Too Much Screen Time?
Oh the shame of it! Our children are turning into anti-social, myopic monsters because of their addiction to smartphones, tablets and laptops. Guess what? It is all BS.
It seems that not a day goes by without another “expert” lamenting how the modern technology of mobile computing devices are ruining our children. Video games make them more violent. Social media actually makes them anti-social. Pediatricians warn that the seemingly endless amount of time they spend glued to their screens is corrosive to their health.
What does science really tell us? Better buckle up because the facts are not what you have been told. A recent comprehensive study by Oxford researchers found that digital technology use was associated with a measly 0.4 percent of the variation that disrupts adolescent well being, For context, eating potatoes is associated with nearly the same degree of effect and wearing glasses has a more negative impact on adolescent mental health.
What goes on here? Why have we been led to believe that there are insidious effects on our youth from too much “screen time”? Yearly, the National Institute on Drug Abuse conducts the Monitoring the Future Survey. 12th-graders are asked more than 1,000 questions since 1975 and eighth- and 10th-graders since 1991. This has yielded a database of over 350,000 adolescents.
The survey asks teens how happy they are and also how much of their leisure time they spend on various activities, including nonscreen activities such as in-person social interaction and exercise, and in recent years, screen activities such as using social media, texting, and browsing the web have been added.
Many of the horror stories like those of Jean Twenge’s book about the dreaded iGen, as she calls them (iGen: Why Today’s Super-Connected Kids Are Growing Up Less Rebellious, More Tolerant, Less Happy—and Completely Unprepared for Adulthood—and What That Means for the Rest of Us) is based upon some of this data. The trouble is as Mark Twain popularized the phrase: “There are three kinds of lies: lies, damn lies and statistics.”
While the database is a valuable resource it is susceptible to researcher bias, said Andrew Przybylski, the experimental psychologist at Oxford and his graduate student Amy Orben, who co-authored the new paper. To prove their point, they found over 600 million possible ways to analyze the data contained in the three data sets in their study (one of which is the Monitoring the Future Survey). “Unfortunately, the large number of participants in these designs means that small effects are easily publishable and, if positive, garner outsized press and policy attention,” they wrote.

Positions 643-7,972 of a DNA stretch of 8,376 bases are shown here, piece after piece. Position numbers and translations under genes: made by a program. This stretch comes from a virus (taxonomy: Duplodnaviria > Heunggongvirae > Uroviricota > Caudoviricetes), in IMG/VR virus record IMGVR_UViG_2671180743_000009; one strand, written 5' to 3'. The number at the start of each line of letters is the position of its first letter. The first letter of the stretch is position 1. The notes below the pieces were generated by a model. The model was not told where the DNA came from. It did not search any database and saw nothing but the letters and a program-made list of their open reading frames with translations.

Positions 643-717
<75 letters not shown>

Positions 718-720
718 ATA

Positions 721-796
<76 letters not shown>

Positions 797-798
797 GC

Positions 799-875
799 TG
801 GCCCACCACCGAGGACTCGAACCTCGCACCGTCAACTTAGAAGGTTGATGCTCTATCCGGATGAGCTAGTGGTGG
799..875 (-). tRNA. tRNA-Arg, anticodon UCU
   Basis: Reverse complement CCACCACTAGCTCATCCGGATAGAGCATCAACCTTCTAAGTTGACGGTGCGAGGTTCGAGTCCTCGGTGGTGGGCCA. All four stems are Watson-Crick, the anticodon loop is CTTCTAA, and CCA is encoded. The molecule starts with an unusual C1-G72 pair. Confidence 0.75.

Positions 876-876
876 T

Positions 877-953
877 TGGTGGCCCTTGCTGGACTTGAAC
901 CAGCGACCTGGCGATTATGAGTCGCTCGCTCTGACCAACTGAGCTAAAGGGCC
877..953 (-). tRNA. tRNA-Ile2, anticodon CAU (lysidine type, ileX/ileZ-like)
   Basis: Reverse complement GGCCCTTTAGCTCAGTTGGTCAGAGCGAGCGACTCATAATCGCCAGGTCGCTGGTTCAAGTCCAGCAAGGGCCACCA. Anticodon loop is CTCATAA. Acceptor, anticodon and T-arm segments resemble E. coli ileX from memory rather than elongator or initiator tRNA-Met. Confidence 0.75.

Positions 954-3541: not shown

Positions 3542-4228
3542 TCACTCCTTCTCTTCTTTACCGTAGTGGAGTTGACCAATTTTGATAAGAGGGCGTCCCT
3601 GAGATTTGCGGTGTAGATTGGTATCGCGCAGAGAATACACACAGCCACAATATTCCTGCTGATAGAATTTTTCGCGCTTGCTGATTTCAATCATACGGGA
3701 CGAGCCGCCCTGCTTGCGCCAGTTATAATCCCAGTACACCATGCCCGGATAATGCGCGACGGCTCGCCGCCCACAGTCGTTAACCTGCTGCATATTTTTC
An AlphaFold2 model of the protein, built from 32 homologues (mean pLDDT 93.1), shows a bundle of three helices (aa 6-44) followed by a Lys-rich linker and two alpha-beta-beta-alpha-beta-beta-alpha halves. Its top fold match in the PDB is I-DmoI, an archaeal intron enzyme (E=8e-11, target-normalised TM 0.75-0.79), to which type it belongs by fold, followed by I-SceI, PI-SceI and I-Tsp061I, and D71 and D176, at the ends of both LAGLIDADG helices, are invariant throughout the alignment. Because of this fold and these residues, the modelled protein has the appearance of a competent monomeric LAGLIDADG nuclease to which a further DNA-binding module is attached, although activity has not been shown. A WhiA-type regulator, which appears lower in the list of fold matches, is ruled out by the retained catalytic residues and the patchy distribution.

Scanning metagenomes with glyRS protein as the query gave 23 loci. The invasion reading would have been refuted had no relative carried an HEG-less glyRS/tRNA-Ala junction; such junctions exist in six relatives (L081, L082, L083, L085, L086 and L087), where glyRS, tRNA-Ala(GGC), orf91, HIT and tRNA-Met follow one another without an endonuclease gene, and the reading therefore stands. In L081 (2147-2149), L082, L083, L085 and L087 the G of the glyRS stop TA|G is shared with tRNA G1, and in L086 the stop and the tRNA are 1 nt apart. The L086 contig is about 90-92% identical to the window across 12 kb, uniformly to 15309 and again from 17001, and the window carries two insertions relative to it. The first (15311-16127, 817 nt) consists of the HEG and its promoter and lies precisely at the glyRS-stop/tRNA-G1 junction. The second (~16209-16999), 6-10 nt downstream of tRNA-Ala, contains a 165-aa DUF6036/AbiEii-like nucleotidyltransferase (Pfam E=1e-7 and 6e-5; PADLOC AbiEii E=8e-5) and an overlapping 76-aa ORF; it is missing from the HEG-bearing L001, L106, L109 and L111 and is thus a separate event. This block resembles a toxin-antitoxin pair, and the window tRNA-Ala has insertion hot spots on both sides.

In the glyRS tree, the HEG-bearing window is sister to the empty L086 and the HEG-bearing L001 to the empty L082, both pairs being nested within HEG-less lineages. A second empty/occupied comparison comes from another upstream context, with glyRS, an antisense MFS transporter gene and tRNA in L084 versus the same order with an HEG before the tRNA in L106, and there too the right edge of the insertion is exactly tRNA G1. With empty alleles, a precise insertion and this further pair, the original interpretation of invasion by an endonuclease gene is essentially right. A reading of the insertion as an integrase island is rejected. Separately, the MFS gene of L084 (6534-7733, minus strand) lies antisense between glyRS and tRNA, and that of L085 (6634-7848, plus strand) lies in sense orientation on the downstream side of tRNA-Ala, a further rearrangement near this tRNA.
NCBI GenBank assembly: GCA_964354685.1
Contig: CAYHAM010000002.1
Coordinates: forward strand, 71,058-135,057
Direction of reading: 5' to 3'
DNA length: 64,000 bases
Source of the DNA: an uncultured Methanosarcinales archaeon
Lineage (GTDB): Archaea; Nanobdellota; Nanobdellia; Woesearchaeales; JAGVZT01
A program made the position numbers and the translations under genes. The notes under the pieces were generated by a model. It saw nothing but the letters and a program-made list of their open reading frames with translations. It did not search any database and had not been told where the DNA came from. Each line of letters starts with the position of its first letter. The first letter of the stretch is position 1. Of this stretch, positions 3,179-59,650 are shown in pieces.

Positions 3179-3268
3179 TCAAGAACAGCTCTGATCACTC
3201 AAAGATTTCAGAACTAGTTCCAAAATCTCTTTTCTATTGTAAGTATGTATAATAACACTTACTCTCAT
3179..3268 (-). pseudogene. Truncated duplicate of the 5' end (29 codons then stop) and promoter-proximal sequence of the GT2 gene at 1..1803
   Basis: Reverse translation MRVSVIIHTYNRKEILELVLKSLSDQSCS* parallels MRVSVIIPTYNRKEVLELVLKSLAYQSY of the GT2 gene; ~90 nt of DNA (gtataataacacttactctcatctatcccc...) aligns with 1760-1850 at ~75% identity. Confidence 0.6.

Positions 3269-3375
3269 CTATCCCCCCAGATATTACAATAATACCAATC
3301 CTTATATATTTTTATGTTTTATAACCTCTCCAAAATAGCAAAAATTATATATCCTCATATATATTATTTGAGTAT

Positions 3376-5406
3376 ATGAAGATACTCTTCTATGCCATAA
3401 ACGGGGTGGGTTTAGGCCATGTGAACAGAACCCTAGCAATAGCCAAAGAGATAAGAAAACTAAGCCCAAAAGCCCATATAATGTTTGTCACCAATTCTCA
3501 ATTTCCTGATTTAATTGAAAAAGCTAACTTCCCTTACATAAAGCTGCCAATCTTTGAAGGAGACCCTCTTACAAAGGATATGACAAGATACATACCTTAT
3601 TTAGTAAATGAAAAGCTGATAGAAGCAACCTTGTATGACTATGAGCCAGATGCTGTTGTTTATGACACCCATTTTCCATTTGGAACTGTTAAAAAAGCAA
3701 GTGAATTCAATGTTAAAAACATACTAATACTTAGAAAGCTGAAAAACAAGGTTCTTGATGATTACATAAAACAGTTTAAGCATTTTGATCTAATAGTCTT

To overcome this potential for bias the researchers conducted a Specification Curve Analysis (SCA), a tool that examines the full range of possible correlations and maps the sum of analytical decisions that could be made when analyzing quantitative data. Rather than report just a handful of results SCA reports all of them. It is the statistical equivalent of seeing the forest for the trees. “It’s about setting a standard,” Przybylski says. “This kind of data exploration needs to be systematic.”
This type of research intends to modify the status quo. “We’re trying to move from this mind-set of cherry-picking one result to a more holistic picture of the data set,” Przybylski says. “A key part of that is being able to put these extremely miniscule effects of screens on young people in real-world context.”
And yet again, in another study with over 3000 participants researchers at the University of York found no evidence to support the theory that video games make players more violent.
Technology introductions always have had an impact on its users and society as a whole. But, we must be careful not to jump to “intuitive” conclusions. Believe it or not, at one time pundits were worrying that the introduction of calculators would dumb down our children because they would loose the ability to manually do math. Sound a bit silly now but it points to the need to do real research.
Ironically, one of the side effects of our latest technology is the vast amount of data generated for researchers. Unfortunately, most of that data is considered proprietary to Facebook, Amazon and Google. But there is hope. A couple of academics have launched Social Science One with the aim of forging partnerships with the tech behemoths in order to foster access to this wealth of data and a better understanding of its social impacts.
Let’s face it we can’t unring this bell. Screens – or what ever they transmute into – are going to be with us for a long time. We better get a handle on what their real impact is and can be.
By John Pientka